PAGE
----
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Following through on a promise made in May, the IRS this month issued long-awaited guidance on how investors should treat taxes on cryptocurrency.
Unfortunately, the new "guidance" clarified little. It ignored several key issues and left investors with more questions than answers.
The crypto community promptly scorched the IRS on Twitter and other social media, and rightly so.
This tweet from Jameson Lopp, the chief technology officer of crypto custody provider Casa, was the best I saw:
Citizens: "Please provide crypto guidance!"
Govt: "Grab the airdrop and smooth it out with a bunch of schleem. Then push it through the ledger, where the fork is rubbed against it."
Govt: "Your gross income is what's left after shaving away the klubus & grumbo."
— Jameson Lopp (@lopp) October 9, 2019
While the IRS has become more aggressive this year in pursuing investors that it suspects are underreporting capital gains from crypto trading, the agency last issued guidance on cryptocurrency taxes way back in 2014.
For years, the agency offered no further clarification, despite an obvious need. Then in May, the IRS raised expectations when it said it was working on an update to its cryptocurrency tax guidance.
What a tremendous disappointment.
I almost don't know where to start...
The IRS Needs to Go to School on Crypto
Rather than give a comprehensive overview of how it wants investors to treat crypto gains, the new IRS guidance focuses on one particular type of event: hard forks.
Worse yet, it's obvious that the IRS is not clear on how hard forks work, since it includes a discussion of "airdrops following a hard fork." An airdrop is a separate type of crypto event.
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A quick definition: A hard fork of a cryptocurrency is a change in the underlying software that results in the creation of a new and separate cryptocurrency. Typically, a person will receive as many of the newly created coins as they owned of the original coin.
These new coins can have value if they start trading on exchanges. And that value is in addition to the value of the original cryptocurrency - hence the interest of the IRS in hard forks.
The problem here is that even in the case of a hard fork, the IRS only discusses what happens when the taxpayer holds their crypto at an exchange. Most exchanges credit the new coins to the customer's account at some point. But depending on the circumstances of the hard fork, each exchange may handle this differently.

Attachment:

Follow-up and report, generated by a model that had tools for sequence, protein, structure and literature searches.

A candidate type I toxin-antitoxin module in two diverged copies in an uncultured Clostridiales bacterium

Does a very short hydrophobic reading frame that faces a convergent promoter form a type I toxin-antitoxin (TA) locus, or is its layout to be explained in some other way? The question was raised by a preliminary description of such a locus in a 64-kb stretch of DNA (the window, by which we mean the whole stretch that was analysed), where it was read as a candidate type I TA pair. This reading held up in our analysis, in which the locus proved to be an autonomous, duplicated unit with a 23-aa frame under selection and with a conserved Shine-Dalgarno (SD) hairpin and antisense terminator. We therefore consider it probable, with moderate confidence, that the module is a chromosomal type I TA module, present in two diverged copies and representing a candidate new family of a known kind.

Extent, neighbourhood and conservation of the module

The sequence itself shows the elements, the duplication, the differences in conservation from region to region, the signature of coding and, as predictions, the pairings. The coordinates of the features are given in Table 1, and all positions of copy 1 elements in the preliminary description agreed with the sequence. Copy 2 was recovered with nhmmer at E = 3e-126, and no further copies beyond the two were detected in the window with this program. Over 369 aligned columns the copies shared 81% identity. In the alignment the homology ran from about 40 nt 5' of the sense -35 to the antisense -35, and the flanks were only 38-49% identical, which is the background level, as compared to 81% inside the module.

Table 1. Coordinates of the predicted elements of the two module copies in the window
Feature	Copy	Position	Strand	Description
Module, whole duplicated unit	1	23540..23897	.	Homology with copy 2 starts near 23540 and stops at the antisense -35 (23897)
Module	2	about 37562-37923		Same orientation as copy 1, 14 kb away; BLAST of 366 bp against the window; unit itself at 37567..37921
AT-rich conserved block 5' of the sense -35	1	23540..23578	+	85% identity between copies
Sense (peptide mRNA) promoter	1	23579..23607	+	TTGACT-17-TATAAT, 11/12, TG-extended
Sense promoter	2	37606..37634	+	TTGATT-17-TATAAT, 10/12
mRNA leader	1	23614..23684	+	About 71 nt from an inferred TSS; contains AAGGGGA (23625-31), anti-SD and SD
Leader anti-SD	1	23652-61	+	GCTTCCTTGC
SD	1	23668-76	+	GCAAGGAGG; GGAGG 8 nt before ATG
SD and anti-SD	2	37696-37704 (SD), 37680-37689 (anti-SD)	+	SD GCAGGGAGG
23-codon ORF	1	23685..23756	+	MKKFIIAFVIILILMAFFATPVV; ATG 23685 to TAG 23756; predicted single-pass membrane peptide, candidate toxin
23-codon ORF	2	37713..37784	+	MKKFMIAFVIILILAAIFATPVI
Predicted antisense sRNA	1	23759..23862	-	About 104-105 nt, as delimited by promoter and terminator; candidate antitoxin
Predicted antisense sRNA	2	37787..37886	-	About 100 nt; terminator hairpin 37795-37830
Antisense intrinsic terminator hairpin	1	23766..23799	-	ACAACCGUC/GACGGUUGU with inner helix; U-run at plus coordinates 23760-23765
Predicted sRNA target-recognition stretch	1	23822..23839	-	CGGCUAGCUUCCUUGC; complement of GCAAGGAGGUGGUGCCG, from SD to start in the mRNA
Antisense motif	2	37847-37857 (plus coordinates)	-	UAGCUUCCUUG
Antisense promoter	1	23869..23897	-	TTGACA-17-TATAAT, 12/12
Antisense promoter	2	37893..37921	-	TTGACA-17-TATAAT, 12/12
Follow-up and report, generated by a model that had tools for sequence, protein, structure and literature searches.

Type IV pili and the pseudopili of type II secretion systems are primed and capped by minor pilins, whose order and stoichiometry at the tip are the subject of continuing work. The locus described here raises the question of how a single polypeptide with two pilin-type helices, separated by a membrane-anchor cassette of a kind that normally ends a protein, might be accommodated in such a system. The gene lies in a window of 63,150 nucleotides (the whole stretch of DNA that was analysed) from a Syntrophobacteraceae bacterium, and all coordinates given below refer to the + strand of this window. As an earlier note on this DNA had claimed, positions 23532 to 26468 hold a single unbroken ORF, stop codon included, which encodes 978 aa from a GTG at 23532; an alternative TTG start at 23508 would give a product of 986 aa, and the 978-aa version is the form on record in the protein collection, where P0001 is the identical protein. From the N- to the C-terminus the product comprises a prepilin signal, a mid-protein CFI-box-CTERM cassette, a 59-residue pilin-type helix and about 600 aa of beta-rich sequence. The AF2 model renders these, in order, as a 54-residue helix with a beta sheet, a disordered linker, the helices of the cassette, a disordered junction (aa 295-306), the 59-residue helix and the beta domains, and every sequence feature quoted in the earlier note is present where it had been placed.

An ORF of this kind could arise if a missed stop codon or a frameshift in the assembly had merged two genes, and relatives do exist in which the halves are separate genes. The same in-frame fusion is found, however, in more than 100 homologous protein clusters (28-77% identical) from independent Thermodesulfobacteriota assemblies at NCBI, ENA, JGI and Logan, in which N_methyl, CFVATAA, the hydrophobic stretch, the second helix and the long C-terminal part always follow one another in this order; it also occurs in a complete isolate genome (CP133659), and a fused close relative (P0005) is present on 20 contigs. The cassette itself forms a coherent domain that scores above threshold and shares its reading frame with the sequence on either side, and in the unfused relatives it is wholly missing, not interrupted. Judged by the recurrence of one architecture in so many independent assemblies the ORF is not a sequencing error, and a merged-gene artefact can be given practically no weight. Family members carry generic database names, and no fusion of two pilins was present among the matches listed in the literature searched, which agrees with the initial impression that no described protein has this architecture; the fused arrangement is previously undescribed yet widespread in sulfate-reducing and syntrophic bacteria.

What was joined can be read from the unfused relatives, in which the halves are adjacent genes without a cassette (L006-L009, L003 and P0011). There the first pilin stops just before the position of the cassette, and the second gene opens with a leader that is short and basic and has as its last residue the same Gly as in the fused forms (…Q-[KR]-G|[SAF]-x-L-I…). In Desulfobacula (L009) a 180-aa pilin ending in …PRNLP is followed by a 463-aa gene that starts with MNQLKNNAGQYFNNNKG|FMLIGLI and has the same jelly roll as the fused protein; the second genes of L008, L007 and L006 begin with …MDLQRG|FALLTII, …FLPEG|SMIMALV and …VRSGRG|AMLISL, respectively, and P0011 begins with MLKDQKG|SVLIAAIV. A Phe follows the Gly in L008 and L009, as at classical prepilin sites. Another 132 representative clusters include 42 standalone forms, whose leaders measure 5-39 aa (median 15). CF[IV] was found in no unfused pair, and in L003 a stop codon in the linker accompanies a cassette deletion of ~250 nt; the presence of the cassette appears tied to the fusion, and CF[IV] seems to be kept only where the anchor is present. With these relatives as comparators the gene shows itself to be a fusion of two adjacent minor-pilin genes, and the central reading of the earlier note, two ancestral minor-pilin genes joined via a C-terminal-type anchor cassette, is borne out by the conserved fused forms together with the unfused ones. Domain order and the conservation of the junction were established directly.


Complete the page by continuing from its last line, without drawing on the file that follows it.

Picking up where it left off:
The IRS views an exchange crediting the newly created coins to a customer account as an "airdrop," which it is not. An airdrop is when the developers who control a cryptocurrency distribute coins for free (the methods for doing this vary, but a hard fork is not one of them) in the hope of increasing the coin's popularity.
The IRS concludes that the newly created coins are taxable when the customer has "dominion and control" over them. In other words, when the exchange credits them to the customer's account.
Left unanswered were questions about determining the fair value of the coin, since coins created from hard forks tend to spike in value at first and then decline. That would leave many investors paying tax on that higher value, even though the asset they hold is worth far less.
The IRS also doesn't mention anything about the obligations of people who keep their crypto in their own wallets. If you control your own keys, you need to take some steps to obtain any crypto to which you are entitled via a hard fork. No one will "airdrop" them to you.
The IRS also fails to address what happens with hard forks that create new spin-off coins but receive little attention. People could technically own a crypto they have no idea exists. Do they still owe tax?
I was also dismayed that the IRS totally ignored two major cryptocurrency tax issues...
Two Unanswered Questions Regarding Taxes on Cryptocurrency
About the Author
David Zeiler, Associate Editor for Money Morning at Money Map Press, has been a journalist for more than 35 years, including 18 spent at The Baltimore Sun. He has worked as a writer, editor, and page designer at different times in his career. He's interviewed a number of well-known personalities - ranging from punk rock icon Joey Ramone to Apple Inc. co-founder Steve Wozniak.
Over the course of his journalistic career, Dave has covered many diverse subjects. Since arriving at Money Morning in 2011, he has focused primarily on technology. He's an expert on both Apple and cryptocurrencies. He started writing about Apple for The Sun in the mid-1990s, and had an Apple blog on The Sun's web site from 2007-2009. Dave's been writing about Bitcoin since 2011 - long before most people had even heard of it. He even mined it for a short time.
Dave has a BA in English and Mass Communications from Loyola University Maryland.